Letter to National Academies Regarding Balance on Human Embryonic Stem Cell Research Advisory Committee
Ralph J. Cicerone, President, National Academy of Sciences
Center for Genetics and Society
Dear Dr. Cicerone, Dr. Fineberg, Dr. Pope, Dr. Sharples, and Dr. Fagen:
We are writing to express concern about the composition of the National Academies Human Embryonic Stem Cell Research Advisory Committee. While we applaud the National Academies for taking leadership in the critical area of human embryonic stem cell research (hESCR) oversight, we feel that the composition of the new committee lacks needed balance, both in terms of areas of expertise and in terms of viewpoint.
The Center for Genetics and Society (CGS) is a nonprofit information and public affairs organization working to encourage responsible uses and effective societal governance of the new human genetic and reproductive technologies. The Integrity in Science Project at the Center for Science in the Public Interest (CSPI) is a consumer advocacy organization that encourages policy-makers at all levels of government to seek balance on expert advisory committees.
The emerging technologies of hESCR and, particularly, somatic cell nuclear transfer (SCNT) raise a number of challenges for society and for potential regulators. Of course, these techniques hold potential to improve human well being. But they also hold potential for harm. For example, SCNT requires human eggs, and women could be harmed or exploited in the egg collection process. Furthermore, the current need for women's eggs indicates that any stem cell or SCNT therapies are likely to be extremely expensive, and likely out of reach of many Americans. In addition, these techniques lay the technological groundwork for applications such as human reproductive cloning and inheritable genetic modification that are widely seen as unacceptable.
The proposed members of the committee bring a wealth of experience in the biological sciences and health law. However, given the nature of hESCR and SCNT, we believe that a number of critical perspectives and backgrounds are inadequately represented.
The predecessor to this committee expressed qualified support for hESCR and SCNT, yet eschewed any federal regulatory role for these emerging technologies. The UK, Canada, and many European countries have taken a very different approach. Though their approaches are dissimilar in some respects, they have all established comprehensive oversight and regulation of hESCR and related technologies. Since the proposed panel contains a number of members who served on the previous panel, it would serve the interests of a full debate on oversight issues if lawyers, bioethicists, public health experts, or policy experts who have expressed caution and a need for effective public oversight, including formal structures of federal regulation, were added to the committee.
We also suggest that the committee include experts with a professional background in the provision of women's health. The women who provide eggs for SCNT will, in a sense, be the first research subjects of stem cell investigations. Their well-being must be protected. And while lawyers and bioethicists bring one needed perspective to these issues, someone whose primary focus is the well-being of women who may provide eggs for research is currently absent from this committee.
Finally, the committee should include experts who will bring a demonstrated research experience and concern for access to health care for ethnic minorities and the economically vulnerable. If treatments based on stem cells, and even more so any that rely on SCNT, turn out to be as expensive as some experts predict, then stem cell-related scientific and technological developments may exacerbate existing health care inequities. Legal and policy questions governing intellectual property or the relationship between government funding and pricing may come before this committee and could significantly shape the extent to which equitable public access to these technologies can be ensured.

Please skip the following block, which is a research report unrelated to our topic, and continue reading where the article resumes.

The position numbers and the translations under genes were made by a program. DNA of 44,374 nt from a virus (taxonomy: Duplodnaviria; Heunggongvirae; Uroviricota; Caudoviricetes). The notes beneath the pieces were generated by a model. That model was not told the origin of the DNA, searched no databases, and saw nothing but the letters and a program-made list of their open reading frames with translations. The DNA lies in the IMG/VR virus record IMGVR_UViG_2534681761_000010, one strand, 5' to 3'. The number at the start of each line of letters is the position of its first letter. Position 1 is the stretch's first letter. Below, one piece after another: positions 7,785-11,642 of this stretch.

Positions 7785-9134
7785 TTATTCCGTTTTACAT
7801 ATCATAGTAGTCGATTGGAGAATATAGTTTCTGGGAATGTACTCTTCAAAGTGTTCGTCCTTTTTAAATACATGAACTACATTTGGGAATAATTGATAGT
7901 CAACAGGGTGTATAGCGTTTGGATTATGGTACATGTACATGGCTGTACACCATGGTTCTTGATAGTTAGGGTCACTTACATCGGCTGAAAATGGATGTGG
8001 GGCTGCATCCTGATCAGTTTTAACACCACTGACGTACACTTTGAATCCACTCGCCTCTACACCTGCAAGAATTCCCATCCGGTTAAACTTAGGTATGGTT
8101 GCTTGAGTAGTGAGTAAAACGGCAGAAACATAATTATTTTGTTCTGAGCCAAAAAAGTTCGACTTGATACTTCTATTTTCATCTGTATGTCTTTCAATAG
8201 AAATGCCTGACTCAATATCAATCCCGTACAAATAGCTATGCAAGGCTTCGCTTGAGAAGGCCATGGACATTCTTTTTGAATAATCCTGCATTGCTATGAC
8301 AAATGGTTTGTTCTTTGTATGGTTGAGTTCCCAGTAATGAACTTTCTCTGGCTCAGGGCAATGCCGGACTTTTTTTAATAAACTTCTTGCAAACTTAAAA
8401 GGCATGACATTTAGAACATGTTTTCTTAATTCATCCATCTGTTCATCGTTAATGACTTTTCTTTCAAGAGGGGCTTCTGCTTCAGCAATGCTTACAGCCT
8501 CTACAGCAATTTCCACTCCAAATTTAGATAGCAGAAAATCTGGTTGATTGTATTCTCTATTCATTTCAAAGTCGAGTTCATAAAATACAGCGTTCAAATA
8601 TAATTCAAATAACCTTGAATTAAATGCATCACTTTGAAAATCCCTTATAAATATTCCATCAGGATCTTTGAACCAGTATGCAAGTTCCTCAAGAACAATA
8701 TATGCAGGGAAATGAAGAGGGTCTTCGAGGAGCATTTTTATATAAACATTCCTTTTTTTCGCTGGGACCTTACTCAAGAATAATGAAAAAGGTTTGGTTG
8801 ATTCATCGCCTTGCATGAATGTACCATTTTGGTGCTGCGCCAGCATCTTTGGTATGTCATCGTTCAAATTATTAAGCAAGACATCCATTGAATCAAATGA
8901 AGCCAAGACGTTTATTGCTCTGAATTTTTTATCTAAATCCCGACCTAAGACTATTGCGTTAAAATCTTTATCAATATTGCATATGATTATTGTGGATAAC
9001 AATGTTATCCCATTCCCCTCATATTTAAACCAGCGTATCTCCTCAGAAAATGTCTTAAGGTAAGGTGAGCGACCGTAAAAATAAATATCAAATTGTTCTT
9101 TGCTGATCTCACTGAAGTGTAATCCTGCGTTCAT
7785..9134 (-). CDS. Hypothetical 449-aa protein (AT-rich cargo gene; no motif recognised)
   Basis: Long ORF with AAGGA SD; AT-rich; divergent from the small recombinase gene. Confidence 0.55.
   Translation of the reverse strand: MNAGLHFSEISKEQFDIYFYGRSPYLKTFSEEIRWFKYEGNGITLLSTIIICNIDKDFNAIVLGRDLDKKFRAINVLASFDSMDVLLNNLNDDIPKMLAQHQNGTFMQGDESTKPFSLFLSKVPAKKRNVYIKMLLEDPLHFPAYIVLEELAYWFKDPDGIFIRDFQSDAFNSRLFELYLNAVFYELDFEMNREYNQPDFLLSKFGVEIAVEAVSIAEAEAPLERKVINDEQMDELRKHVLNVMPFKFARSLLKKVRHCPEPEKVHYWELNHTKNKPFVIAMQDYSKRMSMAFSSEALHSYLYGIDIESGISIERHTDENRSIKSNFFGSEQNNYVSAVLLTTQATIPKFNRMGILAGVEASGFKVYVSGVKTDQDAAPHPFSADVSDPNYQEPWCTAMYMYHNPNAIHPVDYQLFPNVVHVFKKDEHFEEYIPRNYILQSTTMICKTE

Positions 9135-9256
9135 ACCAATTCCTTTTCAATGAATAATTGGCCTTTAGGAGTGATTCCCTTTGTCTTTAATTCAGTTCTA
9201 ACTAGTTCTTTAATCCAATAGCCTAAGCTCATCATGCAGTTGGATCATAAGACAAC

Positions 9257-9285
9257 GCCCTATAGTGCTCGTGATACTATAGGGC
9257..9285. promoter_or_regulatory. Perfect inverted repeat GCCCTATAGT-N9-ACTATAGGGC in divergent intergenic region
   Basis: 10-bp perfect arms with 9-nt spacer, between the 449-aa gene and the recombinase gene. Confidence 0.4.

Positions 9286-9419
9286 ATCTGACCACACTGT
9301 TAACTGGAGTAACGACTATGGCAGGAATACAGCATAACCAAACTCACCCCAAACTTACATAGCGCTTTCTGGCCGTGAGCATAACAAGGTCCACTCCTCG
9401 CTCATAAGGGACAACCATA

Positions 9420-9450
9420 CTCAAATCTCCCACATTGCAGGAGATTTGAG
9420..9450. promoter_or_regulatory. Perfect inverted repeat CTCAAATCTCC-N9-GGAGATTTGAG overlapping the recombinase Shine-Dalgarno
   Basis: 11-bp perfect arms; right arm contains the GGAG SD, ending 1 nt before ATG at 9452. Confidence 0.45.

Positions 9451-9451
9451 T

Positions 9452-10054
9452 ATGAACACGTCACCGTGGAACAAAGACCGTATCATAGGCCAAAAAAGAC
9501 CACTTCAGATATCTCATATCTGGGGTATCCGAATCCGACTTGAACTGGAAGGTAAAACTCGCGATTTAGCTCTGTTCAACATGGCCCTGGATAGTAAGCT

Will such discussions be balanced? The current committee is co-chaired by Richard O. Hynes, who sits on Genentech's Scientific Resource Board, and includes Harold Shapiro, a director of Dow Chemical who also sits on the Merck Vaccine Advisory Board, and John Wagner, whose research has been funded by Viacell and Athersys. Their presence ensures that industry's concerns will be adequately represented when such deliberations occur. While there are at least two bioethicists on this panel, we recommend you add at least one person whose research and writing suggest a concern for ensuring public access to leading-edge medical technologies like those that may result from stem cell research.
In the current politically polarized climate, the controversies over hESCR and SCNT are too often portrayed as full support versus complete opposition. But an increasing number of scientists, health law experts, and public-interest advocates have taken a more nuanced approach, and opinion surveys that probe public attitudes reveal a mix of support and legitimate concerns. In particular, we feel that technologies with such potential for both good and harm, such as SCNT, call for moving forward with an attitude of cautious optimism and under a well-regulated system of responsible oversight.
Including this perspective on the committee would give it a balance that it currently lacks. We believe that the committee would be stronger, and the recommendations it issues more credible, if its composition reflected this perspective as well as the one that currently dominates the membership.
Marcy Darnovsky, Ph.D.
Associate Executive Director
Center for Genetics and Society
Integrity in Science Project
Center for Science in the Public Interest